All kinds of animals are eagerly taking part in an Olympics-style athletic competition in this French import.
Numbers counting up from one to 20 and back down from 20 to one are shown, one Arabic numeral plus simple text on each page. Each animal is portrayed doing what they do best: The big cats jump over “3 hurdles” while running between “4 white lines”; the kangaroo does the high jump (landing on “5 crash mats”); the seals do gymnastics (using “7 rings”); and “8 monkeys” bounce on a trampoline. A bear lifts “9 weights”; crocodiles swim in a pool marked by “13 white lane floats” and “14 red lane floats”; a fox plays tennis (accessorized with “16 spare sweatbands”). Onlookers wear “17 pairs of sunglasses” and eat “18 tubs of popcorn” (one elephant does without shades). No. 19 (a ball-playing rabbit) is injured, and the cat referee calls a 20-minute break. Counting down is similarly handled. Whereas many books in this genre illustrate the number of items represented by the number, this book sometimes uses abstract concepts: “2 blows on the whistle,” and “a perfect score! 10”; 19 is given similarly short shrift (represented twice by the bunny’s jersey number). More seriously, there are some miscounts, notably “3 hurdles” (there appear to be five) and “17 empty water bottles” (there are 18).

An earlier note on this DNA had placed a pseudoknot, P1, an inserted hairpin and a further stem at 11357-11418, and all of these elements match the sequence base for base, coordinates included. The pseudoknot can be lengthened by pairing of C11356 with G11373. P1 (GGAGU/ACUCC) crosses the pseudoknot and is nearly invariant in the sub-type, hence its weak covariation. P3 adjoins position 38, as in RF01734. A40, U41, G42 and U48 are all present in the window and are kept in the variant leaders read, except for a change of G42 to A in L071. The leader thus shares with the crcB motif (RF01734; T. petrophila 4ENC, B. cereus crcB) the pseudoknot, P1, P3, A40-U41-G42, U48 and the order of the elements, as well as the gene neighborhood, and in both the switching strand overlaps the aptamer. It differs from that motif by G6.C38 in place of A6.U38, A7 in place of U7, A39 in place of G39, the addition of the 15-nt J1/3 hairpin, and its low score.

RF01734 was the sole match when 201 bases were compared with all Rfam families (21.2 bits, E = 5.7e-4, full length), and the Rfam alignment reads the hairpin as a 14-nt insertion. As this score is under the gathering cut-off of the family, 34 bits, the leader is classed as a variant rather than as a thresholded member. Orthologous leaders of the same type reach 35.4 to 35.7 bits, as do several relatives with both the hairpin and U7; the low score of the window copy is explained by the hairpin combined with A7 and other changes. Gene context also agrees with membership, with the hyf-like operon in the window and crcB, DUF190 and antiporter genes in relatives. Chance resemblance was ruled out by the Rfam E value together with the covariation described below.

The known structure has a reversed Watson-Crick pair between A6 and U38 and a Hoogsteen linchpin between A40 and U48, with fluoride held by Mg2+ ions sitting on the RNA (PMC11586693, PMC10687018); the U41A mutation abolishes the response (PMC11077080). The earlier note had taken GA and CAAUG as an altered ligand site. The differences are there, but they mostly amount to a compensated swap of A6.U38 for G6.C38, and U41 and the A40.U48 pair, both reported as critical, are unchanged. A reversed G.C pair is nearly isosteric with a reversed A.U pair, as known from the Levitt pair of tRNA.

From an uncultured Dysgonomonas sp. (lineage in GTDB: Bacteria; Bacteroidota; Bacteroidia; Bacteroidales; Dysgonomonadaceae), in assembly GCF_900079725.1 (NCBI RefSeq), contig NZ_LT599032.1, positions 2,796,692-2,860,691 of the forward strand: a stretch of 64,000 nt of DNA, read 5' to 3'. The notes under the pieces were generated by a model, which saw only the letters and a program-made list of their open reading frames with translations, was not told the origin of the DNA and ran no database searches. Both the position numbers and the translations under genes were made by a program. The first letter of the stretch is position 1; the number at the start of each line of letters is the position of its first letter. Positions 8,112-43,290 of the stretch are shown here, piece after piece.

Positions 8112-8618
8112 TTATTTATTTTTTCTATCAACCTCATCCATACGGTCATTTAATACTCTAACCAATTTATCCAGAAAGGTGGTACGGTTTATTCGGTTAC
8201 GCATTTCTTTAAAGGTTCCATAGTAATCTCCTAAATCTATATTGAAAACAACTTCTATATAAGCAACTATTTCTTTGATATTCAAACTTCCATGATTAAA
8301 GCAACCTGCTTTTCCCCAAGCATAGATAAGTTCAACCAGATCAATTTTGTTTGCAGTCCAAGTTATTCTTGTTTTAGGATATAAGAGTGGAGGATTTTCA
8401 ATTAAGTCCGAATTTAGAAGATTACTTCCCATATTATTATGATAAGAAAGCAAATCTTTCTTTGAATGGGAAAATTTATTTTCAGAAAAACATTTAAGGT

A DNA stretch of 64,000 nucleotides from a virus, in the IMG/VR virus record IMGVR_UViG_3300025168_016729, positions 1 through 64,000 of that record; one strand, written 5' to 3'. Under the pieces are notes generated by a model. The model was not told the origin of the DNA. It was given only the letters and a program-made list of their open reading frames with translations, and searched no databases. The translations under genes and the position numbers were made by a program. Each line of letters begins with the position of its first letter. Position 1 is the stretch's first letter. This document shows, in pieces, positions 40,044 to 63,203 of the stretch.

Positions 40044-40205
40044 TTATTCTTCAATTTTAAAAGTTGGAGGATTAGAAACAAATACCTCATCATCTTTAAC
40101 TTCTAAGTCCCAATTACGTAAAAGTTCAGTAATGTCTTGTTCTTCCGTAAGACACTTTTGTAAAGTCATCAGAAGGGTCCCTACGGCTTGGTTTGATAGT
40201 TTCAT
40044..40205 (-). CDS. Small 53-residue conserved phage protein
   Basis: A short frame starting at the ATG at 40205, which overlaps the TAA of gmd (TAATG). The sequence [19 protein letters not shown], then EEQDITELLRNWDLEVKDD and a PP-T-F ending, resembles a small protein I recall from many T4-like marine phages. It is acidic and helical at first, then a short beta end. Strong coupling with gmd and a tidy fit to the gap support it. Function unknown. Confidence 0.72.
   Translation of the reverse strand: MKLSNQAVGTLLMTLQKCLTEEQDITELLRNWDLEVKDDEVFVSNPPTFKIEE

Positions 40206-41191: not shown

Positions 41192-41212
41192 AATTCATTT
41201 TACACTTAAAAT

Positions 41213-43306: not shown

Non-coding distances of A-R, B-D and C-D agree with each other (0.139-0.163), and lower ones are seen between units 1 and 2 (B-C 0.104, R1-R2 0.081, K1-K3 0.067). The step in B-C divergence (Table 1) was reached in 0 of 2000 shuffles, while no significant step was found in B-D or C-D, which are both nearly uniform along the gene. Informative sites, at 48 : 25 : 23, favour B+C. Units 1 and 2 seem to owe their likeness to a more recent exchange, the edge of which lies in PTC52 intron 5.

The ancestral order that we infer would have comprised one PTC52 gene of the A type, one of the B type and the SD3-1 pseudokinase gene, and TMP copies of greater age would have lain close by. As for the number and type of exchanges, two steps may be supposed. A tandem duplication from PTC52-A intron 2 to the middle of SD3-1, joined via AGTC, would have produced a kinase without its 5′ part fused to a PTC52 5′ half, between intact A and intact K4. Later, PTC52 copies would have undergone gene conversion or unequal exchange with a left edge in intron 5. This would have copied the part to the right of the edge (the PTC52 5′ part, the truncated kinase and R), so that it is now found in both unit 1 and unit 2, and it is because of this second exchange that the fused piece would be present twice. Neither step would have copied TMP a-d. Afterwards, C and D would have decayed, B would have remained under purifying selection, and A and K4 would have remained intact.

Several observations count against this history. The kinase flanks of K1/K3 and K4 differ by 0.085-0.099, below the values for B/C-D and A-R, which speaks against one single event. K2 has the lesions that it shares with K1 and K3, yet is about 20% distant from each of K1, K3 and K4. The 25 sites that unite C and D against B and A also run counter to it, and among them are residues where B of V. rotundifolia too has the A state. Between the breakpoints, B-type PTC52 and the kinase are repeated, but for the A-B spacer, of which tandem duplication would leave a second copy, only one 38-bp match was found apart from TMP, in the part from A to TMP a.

Morgand’s silk-screen illustrations are lively and colorful, but ambiguities and mistakes seriously detract from the value of this book as an educational tool. (Picture book. 3-5)